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Such measurements provide insight into the deformation of the material and can therefore be used by researchers and commercial companies to modify the construction of new satellites. A satellite to test this technology was successfully launched on 15 February 2017; six months later and all the system components that were developed are still operating – proof that the technology works.This knowledge signals a breakthrough in the development of small satellites, making space accessible to a growing group of commercial companies.
A satellite is exposed to extreme temperatures in space, which can easily cause it to deform and thereby affect the measurements made by the equipment. The PEASSS consortium has come up with a working solution. PEASSS stands for Piezo Electric Assisted Smart Satellite Structure. The research satellite contains equipment that transmits these deformation measurements to Earth. The deformation is measured using fibre-optics and is corrected, where necessary, with piezo-electric actuators.
The PEASSS satellite has been developed by a European consortium, coordinated by TNO. In 2013, the European Union awarded the contract to the European consortium comprising Sonaca Space (Germany), TNO and ISIS (Netherlands), Sonaca (Belgium) and NSL and Technion (Israel). The consortium partners of established aerospace organisations along with SMEs and scientists have developed and demonstrated “smart structures” with a combination of new technologies: composite panels, piezo-actuated structures, piezo-electric materials to produce energy, next generation fibre-optic sensors and innovative satellite electronics.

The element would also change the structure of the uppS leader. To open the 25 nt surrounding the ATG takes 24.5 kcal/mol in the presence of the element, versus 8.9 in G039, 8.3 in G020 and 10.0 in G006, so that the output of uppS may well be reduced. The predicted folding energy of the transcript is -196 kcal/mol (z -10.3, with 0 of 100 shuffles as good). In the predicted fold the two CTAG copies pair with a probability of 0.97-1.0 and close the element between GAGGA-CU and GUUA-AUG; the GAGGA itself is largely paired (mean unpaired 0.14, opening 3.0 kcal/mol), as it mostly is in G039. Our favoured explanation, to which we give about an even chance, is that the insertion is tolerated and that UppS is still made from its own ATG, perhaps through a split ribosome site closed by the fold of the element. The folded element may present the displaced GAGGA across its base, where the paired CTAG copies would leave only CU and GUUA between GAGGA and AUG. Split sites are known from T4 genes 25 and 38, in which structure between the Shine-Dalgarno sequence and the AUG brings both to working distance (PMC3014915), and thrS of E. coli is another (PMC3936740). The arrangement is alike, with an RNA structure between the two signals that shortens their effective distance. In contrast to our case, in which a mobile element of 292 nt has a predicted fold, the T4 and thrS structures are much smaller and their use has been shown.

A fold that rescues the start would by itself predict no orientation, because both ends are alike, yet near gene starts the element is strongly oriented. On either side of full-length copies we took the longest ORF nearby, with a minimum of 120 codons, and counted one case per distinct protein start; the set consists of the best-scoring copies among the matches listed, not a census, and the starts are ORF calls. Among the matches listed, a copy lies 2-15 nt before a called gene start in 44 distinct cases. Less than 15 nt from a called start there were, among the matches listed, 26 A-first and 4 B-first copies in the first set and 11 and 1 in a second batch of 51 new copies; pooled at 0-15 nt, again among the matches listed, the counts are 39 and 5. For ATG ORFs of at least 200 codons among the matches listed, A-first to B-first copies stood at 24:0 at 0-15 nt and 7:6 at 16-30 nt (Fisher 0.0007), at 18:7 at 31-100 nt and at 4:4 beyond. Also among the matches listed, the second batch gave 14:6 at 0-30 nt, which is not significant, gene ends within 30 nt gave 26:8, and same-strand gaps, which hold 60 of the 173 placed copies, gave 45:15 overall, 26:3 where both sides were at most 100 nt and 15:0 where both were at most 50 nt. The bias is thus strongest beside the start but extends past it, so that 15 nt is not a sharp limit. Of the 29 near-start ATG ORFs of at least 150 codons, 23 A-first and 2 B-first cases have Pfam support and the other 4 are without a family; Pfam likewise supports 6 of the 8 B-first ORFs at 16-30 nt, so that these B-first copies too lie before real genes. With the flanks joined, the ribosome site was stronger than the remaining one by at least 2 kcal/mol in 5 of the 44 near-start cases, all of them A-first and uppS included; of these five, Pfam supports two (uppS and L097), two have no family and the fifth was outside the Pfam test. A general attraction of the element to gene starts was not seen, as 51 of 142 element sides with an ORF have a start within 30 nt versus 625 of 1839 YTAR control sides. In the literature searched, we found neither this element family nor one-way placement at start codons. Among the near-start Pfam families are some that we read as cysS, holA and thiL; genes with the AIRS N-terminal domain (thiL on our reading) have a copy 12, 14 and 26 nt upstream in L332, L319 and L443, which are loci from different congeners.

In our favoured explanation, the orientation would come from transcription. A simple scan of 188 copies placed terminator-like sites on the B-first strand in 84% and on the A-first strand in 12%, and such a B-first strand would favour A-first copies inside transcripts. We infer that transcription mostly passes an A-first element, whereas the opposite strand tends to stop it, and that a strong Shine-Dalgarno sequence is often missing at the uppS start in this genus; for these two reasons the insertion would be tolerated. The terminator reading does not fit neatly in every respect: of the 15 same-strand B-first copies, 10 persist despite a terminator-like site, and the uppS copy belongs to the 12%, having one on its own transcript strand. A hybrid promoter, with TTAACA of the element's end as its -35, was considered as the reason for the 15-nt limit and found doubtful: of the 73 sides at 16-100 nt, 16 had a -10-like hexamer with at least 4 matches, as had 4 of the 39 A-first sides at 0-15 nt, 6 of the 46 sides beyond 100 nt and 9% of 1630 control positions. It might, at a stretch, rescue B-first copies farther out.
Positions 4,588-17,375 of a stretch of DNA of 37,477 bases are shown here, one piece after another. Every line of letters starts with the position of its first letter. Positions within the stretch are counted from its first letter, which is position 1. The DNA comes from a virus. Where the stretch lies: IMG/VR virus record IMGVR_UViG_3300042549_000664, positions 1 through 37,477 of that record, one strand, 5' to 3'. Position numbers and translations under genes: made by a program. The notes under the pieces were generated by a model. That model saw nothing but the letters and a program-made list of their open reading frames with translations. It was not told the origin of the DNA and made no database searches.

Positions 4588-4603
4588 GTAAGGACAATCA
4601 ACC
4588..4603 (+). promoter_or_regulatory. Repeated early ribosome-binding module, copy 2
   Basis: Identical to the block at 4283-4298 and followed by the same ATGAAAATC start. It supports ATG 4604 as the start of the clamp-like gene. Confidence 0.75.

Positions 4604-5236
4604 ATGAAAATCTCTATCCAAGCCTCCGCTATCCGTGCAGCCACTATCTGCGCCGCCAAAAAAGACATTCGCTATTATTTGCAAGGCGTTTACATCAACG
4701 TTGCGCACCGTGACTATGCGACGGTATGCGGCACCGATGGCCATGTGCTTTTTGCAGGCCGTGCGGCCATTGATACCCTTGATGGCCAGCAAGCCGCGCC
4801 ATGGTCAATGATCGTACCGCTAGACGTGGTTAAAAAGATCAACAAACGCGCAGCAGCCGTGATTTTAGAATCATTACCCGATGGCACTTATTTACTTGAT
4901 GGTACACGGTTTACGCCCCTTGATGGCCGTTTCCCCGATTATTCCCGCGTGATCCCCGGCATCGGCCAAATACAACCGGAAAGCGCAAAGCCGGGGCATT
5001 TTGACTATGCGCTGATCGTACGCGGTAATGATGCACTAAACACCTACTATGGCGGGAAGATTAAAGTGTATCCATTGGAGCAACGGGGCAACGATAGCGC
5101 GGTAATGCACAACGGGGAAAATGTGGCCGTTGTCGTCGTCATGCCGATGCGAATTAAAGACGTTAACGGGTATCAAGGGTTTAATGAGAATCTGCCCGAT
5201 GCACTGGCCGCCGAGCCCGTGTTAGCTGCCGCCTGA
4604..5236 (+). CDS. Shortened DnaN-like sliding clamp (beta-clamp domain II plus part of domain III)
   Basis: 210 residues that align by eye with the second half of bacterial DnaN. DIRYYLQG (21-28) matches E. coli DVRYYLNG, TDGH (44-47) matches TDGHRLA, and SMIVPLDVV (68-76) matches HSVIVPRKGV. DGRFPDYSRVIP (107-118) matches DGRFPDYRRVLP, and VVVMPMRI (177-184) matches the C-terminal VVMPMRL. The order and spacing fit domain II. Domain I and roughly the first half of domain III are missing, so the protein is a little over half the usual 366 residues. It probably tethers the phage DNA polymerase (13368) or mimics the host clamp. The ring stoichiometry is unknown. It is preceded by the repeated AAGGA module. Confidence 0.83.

The total budget for the PEASSS project of nearly 2.5 million euros is a relatively small amount compared with the budget for developing large satellites. Small satellites tend to use existing technologies and materials from other sectors in smart combinations. Since the costs are relatively low, many iterations were performed in a short period of time during the development phase, something that significantly accelerates the development of technology for small satellites.
Following the successful launch and test period of the PEASSS satellite, working building blocks have again been delivered for the next step to be taken. Apart from the programmatic and technical management of the PEASSS project team, TNO was also responsible for producing the fibre-optic sensors. TNO is also leading the dissemination programme.
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